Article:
“I love a story where the heroine doesn’t need somebody to empower her”: In conversation with Kristen Tetteh
By Joy Portella, President, Minerva Strategies —
Kristen Tetteh is the director of communications at the Washington Global Health Alliance (WGHA), where she works to raise the profile of our state’s impressive global health community. Besides being one of the smartest communicators we know, Kristen also has the distinction of being a former Miss Washington, a Japanese speaker, and a singer in a band. I recently sat down with Kristen to get her thoughts on what it’s like to communicate for a membership association in our sector – her challenges, triumphs, and the bumpy road that got her here.
Q: When you were a kid, what did you want to do when you grew up?
A: I thought I’d be in musical theatre while being be a marine biologist [laughs] because when you’re young, you have no concept of how things work. Later I turned my attention to ballet dancing, and then international relations.
Q: How did you wind up as the communications director at WGHA?
A: After college, I had a unique set of opportunities through the Miss Washington organization. I received a $35,000 scholarship, which was hugely helpful for me to pay off tuition. But just as important, I had an advocacy platform around global education, and had the chance to travel to many different U.S. states, as well as India and Japan. I lobbied Congress and spoke to more than 100 Rotary Clubs – as a 22-year-old! It was amazing.
Then I came back to Seattle and dove into job interviews. Two of those interviews stand out in my mind. The first was with the Bill & Melinda Gates Foundation. I’d set my goals and expectations way too high, and the interviewer gave me great feedback: Think in granularity. Focus on the job in front of you.
I didn’t get that job.
The second interview was for a program position with PATH. The interviewer suggested that I should consider communications. She told me, “What you want to do is be the face of PATH. You could do the work but you’d more naturally be the person talking about the work.”
I didn’t get that job either. But in both cases, I received invaluable feedback that has helped me succeed when I finally landed my position at WGHA.
Q: What does success look like in your job?
A: It’s a big win whenever Washington State is mentioned as a global health hub— which we definitely are! In 2015, WGHA released a landscape study revealing that our state has 168 business, nonprofits, and other organizations working on global health. These groups run projects in 150+ plus countries – tackling issues ranging from access to technology to infectious disease to maternal and child health. Washington State is absolutely a global health leader, and I love to hear people talking about this.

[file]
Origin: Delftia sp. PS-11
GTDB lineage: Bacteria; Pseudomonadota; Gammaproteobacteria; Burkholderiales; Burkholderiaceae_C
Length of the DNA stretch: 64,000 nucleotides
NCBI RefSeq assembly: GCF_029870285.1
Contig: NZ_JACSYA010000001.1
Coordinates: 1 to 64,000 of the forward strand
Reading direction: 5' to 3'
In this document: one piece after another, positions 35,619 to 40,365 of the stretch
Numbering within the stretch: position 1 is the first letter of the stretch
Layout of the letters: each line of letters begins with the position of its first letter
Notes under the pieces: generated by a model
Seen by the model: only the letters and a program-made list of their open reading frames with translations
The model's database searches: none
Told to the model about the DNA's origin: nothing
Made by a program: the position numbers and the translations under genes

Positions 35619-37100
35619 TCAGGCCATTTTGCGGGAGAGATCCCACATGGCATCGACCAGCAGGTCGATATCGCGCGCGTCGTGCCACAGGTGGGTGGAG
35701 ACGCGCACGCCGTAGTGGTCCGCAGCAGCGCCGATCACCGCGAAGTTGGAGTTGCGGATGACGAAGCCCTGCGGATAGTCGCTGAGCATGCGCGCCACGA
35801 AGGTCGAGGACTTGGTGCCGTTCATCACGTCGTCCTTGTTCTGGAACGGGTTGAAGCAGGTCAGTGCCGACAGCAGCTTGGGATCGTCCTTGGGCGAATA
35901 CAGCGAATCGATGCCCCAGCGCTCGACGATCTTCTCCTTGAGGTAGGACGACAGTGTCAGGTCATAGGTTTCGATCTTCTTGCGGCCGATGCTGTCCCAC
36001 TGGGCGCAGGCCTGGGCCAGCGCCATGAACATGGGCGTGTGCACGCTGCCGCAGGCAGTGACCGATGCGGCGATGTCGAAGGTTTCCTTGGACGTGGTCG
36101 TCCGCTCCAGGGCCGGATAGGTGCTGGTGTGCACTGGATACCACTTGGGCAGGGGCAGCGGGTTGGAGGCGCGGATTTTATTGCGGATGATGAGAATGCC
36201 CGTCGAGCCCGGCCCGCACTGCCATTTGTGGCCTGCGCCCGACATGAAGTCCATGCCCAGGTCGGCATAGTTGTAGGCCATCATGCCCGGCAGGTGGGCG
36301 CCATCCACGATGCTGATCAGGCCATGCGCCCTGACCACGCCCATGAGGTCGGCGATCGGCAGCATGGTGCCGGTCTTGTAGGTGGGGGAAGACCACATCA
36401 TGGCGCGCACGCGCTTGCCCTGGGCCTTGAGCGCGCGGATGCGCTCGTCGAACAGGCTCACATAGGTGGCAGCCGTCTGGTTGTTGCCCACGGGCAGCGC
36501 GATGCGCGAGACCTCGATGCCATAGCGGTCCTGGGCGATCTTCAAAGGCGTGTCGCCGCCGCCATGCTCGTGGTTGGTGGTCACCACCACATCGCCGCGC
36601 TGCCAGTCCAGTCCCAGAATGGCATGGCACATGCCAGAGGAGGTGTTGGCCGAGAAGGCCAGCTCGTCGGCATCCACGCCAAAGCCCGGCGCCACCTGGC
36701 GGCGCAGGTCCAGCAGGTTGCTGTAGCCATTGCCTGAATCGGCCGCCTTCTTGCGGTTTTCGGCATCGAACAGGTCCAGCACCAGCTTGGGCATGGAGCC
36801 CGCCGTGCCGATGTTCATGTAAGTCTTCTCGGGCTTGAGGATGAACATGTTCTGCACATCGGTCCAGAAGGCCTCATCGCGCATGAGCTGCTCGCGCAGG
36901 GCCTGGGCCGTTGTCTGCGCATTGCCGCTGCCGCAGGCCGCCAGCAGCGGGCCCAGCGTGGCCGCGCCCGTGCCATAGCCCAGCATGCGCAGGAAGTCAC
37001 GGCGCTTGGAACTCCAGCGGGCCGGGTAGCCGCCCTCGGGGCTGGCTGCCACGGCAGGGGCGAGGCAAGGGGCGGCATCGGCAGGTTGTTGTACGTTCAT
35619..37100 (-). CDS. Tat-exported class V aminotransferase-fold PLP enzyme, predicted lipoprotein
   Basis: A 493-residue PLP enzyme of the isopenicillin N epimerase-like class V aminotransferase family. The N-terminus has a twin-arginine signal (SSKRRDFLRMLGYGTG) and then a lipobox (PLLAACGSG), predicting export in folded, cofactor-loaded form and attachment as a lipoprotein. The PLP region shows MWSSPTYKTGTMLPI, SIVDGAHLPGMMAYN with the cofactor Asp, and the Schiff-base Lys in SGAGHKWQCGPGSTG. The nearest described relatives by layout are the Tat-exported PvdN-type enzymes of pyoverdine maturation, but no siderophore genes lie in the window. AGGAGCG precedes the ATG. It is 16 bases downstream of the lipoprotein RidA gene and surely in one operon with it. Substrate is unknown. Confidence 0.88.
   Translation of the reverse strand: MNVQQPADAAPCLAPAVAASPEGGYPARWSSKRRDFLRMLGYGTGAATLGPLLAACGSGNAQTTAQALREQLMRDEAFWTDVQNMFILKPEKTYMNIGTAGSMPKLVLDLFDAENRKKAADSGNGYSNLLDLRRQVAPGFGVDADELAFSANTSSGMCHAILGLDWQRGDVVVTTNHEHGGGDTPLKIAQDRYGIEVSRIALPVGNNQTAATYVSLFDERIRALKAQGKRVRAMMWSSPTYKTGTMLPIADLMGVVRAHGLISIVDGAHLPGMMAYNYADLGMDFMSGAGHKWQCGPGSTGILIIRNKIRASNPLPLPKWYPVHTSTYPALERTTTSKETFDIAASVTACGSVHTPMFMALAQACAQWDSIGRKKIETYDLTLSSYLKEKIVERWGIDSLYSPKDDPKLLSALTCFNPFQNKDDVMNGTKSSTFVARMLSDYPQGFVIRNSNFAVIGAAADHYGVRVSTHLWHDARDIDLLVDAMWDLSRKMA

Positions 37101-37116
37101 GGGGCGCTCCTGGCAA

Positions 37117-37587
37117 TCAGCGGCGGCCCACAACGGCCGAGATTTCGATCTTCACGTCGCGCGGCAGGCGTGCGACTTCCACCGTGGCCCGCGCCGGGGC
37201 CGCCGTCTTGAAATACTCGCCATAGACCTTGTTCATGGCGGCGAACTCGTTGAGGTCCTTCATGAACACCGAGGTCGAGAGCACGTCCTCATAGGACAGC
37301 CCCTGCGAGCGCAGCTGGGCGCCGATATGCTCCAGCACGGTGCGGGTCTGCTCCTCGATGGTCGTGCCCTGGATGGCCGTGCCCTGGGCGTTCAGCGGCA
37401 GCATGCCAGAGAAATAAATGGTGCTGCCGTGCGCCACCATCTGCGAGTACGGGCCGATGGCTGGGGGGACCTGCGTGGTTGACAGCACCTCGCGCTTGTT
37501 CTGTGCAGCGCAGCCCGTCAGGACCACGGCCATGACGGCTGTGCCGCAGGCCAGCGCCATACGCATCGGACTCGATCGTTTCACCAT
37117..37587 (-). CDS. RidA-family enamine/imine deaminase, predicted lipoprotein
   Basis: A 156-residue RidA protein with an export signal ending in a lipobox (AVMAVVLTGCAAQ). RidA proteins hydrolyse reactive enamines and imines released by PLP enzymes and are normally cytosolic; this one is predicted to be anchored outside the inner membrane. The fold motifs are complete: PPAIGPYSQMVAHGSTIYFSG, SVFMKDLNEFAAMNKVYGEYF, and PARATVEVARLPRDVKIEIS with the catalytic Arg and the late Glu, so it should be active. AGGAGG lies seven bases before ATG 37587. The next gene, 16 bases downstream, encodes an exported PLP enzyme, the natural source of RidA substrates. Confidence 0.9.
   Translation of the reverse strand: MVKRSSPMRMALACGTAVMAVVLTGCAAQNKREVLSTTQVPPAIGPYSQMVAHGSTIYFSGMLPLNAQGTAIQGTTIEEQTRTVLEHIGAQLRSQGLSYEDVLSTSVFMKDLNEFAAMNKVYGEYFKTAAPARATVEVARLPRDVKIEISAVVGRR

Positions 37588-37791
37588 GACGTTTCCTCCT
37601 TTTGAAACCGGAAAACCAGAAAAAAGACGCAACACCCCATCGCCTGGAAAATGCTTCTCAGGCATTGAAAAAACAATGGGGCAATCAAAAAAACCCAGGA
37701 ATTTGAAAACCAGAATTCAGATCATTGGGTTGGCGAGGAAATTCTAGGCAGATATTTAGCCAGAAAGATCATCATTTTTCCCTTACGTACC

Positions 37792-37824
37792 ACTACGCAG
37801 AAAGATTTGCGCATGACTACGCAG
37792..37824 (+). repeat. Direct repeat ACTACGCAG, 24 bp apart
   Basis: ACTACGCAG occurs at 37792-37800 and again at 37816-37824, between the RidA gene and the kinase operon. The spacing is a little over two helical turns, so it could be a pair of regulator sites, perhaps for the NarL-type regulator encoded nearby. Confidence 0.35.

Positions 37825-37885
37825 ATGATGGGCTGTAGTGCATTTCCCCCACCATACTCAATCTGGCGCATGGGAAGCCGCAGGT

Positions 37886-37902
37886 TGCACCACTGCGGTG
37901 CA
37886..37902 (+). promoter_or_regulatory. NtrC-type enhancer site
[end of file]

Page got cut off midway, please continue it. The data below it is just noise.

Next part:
Q: You’re a great storyteller. What makes a good story?
A: I love a story where the heroine doesn’t need somebody to empower her; instead, she has a sense of agency. It’s great when the heroine is an extraordinary contributor to her community, and she connects with an organization that asks, “How can we support you?” That’s the best story and the one that’s often not told. My favorite stories are truthful, human-centered, and told from the perspective of the person who’s impacted.
I’m also very drawn to visual communications. The best story I’ve seen lately is an amazing video on NPR’s Goats and Soda blog about refugees fleeing violence in South Sudan and desperately seeking clean water. The heroine is a woman who migrates all the way to Uganda – taking her own children and picking up orphans as she goes along. It’s 12 minutes long and worth every minute of your time.
Q: What’s the most rewarding thing about your job?
A: When a small organization that’s been quietly doing great work for a long time finally gets attention and recognition, and that impacts their bottom line in a big, positive way.
Q: What’s the most frustrating thing?
A: When people have a huge success and are haunted by it. I’ve seen many times that an organization has some kind of big win – an awesome event or a significant media hit or a game-changing philanthropic gift – and it almost immediately leads to the question: “How could I possibly top that?” The truth is that everyone has the capacity to create great things, and then more great things – there’s not a finite supply. You just need to open your mind and explore the outer edges of your imagination.
Q: Are you reading anything good?
A: I’m reading Just Mercy by Bryan Stevenson. It’s an amazing book that has completely changed the way I think about the criminal justice system. I love when books challenge the way I think.